HI6041 - Russia Between Democracy and Dictatorship: Gorbachev to Putin, 1985-2008

What will I learn on this module?

This module explores a tumultuous period in Russian history when the pendulum swung from dictatorship towards increasing democracy and back again. Relatively freer politics and loosening of controls over the media were accompanied by economic dislocation and social instability under Gorbachev and Yeltsin, while conversely, the Putin era saw improved economic performance, stability and some restoration of order alongside the return of a creeping authoritarianism in politics and tighter censorship. Students will investigate why the Soviet regime, which ten years previously had seemed destined to last indefinitely, was so rapidly undermined. We will examine the political struggle that accompanied perestroika, as well as how official Soviet ideology unravelled under the impact of glasnost’ and the opening of public debate. The module considers Gorbachev’s government’s attempt to find economic solutions to stagnation and the disastrous effects of the collapse of faith in the command economy. Also, particular attention is paid to the role that nationalist movements in the Baltic, Ukraine, Transcaucasia and Central Asia played in tearing the Soviet system apart. The module then turns to Russia’s turbulent post-Soviet transition, the ‘Wild Years’, a dangerous and exciting period where, after the USSR legally ceased to exist on 31 December 1991, the new state, the Russian Federation, set off on the road to democracy and a market economy without any clear conception of how to complete such a transformation in the world’s largest country. As well as looking at Russia’s new political system, we will examine the economic reforms introduced as the country underwent ‘shock therapy’ to create a market economy, involving mass privatization, financial crisis, the rise of oligarchs. We will consider the devastating social impact of these policies, as life expectancy plummeted, birth rates collapsed and crime exploded. Students will assess how in these conditions Vladimir Putin, assumed power and explore how his presidency saw economic upswing and improvement in living standards but also a creeping authoritarianism in politics and media controls. Finally, we will investigate Putin’s cultivation of an aggressive, socially conservative Russian nationalism which grew from the shame and international humiliation derived from the catastrophic transition of the former superpower.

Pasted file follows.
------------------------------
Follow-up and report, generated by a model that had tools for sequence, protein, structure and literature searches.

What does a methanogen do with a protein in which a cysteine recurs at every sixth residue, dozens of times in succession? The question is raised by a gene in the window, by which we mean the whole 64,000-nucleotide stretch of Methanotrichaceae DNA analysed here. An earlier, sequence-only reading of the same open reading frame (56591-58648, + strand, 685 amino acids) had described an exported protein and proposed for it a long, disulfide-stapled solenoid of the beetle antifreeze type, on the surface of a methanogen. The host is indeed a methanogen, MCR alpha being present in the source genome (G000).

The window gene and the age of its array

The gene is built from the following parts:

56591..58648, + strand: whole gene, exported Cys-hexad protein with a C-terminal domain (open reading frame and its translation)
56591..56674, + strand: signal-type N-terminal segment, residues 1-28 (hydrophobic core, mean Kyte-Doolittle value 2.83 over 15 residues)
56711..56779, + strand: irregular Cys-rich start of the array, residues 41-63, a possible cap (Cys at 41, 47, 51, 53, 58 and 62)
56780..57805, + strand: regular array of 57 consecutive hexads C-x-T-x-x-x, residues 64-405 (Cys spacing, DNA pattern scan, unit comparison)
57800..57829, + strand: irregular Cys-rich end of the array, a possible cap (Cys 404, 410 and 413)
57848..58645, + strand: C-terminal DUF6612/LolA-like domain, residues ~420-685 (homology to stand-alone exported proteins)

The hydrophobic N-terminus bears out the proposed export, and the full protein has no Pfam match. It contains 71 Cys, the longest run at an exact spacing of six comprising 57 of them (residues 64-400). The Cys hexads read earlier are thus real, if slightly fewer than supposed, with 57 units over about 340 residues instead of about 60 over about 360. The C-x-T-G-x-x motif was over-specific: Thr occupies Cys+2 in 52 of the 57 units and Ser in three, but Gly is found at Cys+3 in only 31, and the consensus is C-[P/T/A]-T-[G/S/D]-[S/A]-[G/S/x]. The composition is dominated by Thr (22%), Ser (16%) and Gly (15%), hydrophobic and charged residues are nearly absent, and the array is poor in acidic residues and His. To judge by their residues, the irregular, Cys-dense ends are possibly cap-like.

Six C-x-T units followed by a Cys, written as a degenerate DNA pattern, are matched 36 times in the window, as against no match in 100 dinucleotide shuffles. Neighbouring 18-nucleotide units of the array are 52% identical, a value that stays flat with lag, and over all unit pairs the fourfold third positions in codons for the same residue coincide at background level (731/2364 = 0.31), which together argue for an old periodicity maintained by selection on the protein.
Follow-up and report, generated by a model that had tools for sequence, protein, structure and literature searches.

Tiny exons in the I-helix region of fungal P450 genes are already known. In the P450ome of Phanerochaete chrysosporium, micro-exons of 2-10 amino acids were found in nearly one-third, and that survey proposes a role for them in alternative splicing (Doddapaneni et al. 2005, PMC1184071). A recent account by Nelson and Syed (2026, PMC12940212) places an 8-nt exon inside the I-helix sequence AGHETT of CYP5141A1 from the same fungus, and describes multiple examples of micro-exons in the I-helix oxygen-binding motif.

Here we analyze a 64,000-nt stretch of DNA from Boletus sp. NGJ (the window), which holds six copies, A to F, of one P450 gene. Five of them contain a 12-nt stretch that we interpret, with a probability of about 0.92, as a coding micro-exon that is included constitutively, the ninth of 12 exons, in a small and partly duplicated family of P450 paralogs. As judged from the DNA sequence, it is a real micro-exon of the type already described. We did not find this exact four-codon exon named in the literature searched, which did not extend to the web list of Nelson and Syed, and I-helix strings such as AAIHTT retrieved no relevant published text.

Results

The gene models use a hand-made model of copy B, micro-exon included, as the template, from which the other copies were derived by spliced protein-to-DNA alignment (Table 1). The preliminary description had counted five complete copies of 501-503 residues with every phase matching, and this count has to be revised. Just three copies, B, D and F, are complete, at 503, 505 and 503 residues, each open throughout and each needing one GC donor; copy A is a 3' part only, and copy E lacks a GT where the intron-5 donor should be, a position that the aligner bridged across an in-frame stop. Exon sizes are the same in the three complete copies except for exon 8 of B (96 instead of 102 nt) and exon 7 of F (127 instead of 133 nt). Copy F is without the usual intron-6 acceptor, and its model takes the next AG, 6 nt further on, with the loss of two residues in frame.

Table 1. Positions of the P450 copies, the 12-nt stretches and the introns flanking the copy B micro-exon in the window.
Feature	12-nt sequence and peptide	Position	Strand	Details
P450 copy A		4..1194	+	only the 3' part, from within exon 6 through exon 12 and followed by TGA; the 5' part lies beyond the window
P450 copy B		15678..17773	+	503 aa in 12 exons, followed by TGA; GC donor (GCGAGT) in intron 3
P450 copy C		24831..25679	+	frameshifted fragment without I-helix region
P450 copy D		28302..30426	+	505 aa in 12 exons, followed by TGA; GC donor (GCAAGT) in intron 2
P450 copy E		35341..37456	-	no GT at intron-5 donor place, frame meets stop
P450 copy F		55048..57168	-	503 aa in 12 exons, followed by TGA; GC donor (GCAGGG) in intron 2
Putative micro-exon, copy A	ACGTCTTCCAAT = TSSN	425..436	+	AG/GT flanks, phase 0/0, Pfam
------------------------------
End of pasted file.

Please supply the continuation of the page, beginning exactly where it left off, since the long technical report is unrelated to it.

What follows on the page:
How will I learn on this module?

The primary method of teaching for this module is through seminars. These weekly seminars are based on the discussion and analysis of pre-assigned primary and secondary literature and source material, and a variety of group work, presentations and written exercises. Reading lists and source material will be made available on BlackBoard and in hard copy.

How will I be supported academically on this module?

Your academic development will be supported through your module tutor, engagement with your peers, and through the programme leader. The module tutor will be accessible within publicised Feedback and Consultation hours and via email. Your peers will provide you with a collaborative learning environment, and your programme leader will guide you through the requirements and expectations of your degree programme, of which this module is part. You will also be supported through individual engagement with the academic literature, lectures, and resources available on the eLP. Formative feedback will be on-going through seminar activities and assessment tasks.

What will I be expected to read on this module?

All modules at Northumbria include a range of reading materials that students are expected to engage with. The reading list for this module can be found at: http://readinglists.northumbria.ac.uk